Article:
Looks like Tierney is in the ejection seat
If and when he departs, drastic cost cutting is sure to follow as Tierney’s beloved dailies come under the control of the evidently frustrated creditors who are on the hook for $412 million in debt and additional accumulated interest payments.
“This is a company in need of parental supervision,” one of the attorneys representing the newspapers' top creditors said in a hearing Tuesday on the Chapter 11 bankruptcy filing by Philadelphia Newspapers, L.L.C., according an article in the Philly Daily News.
Tierney and fellow hometown investors founded and funded Philadelphia Newspapers in 2006 to buy the papers during the liquidation of Knight Ridder, its long-time owner. As a consequence of this week’s bankruptcy filing, Tierney’s investors lost $150 million, with the flamboyant former press agent himself taking a $10 million hit.
Bankruptcy documents and the oral arguments in court reported by the Daily News indicate there has been a fair amount of friction between Tierney and his lenders. With the company long in default on its obligations and now in bankruptcy, creditors will have considerable leverage to change management if they deem it to be recalcitrant.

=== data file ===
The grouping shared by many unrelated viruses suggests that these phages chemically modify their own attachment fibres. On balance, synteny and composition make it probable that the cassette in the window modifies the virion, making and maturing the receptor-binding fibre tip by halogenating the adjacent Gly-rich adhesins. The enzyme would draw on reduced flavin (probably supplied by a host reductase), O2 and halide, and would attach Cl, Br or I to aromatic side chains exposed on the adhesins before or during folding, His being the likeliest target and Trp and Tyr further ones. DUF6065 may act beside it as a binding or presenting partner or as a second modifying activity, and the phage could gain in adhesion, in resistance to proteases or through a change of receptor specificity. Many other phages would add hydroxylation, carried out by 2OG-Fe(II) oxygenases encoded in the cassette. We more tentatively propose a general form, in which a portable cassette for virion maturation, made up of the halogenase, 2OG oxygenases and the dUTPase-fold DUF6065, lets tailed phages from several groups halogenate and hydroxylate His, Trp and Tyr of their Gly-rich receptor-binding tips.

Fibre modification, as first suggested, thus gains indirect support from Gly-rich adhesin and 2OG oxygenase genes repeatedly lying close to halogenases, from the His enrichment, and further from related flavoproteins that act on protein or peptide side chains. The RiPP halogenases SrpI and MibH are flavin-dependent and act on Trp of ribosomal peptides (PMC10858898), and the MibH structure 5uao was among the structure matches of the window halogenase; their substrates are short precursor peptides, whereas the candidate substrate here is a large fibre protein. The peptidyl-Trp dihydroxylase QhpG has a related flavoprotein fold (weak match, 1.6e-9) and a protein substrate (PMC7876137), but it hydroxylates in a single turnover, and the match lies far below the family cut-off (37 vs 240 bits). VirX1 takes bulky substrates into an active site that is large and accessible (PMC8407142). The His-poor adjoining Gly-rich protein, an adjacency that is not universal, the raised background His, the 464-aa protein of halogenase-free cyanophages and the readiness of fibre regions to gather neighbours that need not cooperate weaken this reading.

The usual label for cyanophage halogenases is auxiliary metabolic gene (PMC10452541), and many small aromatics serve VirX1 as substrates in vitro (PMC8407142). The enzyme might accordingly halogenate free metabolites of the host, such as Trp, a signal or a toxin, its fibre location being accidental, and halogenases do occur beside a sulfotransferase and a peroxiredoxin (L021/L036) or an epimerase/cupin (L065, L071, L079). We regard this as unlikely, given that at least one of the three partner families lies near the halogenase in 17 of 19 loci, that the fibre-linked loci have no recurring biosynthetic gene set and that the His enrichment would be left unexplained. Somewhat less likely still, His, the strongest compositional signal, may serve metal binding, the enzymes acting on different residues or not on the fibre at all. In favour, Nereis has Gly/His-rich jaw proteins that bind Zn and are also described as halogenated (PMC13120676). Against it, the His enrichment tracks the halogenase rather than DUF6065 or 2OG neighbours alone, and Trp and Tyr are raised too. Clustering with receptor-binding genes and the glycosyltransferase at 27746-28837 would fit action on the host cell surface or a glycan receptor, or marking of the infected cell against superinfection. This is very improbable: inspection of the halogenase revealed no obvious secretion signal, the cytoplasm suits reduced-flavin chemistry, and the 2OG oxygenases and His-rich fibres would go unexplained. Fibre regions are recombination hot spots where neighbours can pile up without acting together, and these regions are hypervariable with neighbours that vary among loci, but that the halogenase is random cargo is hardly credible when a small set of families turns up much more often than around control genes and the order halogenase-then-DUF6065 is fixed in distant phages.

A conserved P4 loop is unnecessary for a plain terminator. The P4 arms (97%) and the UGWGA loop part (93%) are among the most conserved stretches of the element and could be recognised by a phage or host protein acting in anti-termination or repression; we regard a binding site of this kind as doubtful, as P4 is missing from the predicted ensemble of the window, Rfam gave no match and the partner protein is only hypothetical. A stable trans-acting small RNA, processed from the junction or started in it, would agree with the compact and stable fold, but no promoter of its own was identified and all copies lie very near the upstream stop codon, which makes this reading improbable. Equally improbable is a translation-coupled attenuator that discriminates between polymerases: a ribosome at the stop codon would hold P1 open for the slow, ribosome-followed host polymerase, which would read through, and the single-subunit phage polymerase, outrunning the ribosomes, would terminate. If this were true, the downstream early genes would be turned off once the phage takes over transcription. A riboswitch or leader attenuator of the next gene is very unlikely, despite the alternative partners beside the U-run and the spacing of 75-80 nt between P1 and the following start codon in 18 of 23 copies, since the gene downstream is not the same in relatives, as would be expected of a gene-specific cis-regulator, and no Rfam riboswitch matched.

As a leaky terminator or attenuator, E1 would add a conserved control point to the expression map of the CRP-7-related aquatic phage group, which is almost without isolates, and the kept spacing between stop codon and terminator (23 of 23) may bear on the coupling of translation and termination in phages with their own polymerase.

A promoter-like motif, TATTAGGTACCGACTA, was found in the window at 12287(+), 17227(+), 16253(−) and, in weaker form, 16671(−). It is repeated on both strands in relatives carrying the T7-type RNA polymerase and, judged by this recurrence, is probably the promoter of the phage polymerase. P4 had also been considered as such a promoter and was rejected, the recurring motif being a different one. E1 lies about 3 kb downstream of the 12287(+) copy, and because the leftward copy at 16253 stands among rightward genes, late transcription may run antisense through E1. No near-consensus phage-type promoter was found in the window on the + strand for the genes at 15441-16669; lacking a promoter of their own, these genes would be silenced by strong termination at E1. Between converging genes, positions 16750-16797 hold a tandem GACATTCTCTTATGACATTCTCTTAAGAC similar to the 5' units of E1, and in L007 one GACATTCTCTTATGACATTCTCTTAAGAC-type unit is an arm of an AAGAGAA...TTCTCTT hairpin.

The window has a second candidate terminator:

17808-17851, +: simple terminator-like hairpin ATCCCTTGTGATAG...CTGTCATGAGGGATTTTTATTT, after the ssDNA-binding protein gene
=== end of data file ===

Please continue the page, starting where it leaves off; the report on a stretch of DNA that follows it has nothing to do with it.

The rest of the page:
The comment calling for “parental supervision” suggests that at least one creditor thinks a change is in order.
Tierney did himself no good when he boosted his pay by 38% to $850,000 a year in late 2008 at a time when the company was unable to pay its loan obligations. Although Tierney Tuesday rescinded the raise for himself and two top aides, the move will not soon be forgotten by either the creditors or the short-handed staffs of his struggling newspapers.
According to unnamed sources cited by the Daily News, Tierney also has rejected the suggestion from “some of the company's creditors” who have proposed shutting the tabloid to save money at a time the company’s cash flow is projected in court documents to be on track to plunge 30.5% this year to $25 million from $36 million in 2008.
“As long as I'm running the place, the Daily News will never be closed and we'll never rescind our contracts,” Tierney told the Daily News.
The tab’s staff can take small comfort in such bravado, given Tierney’s slippery grip on his job.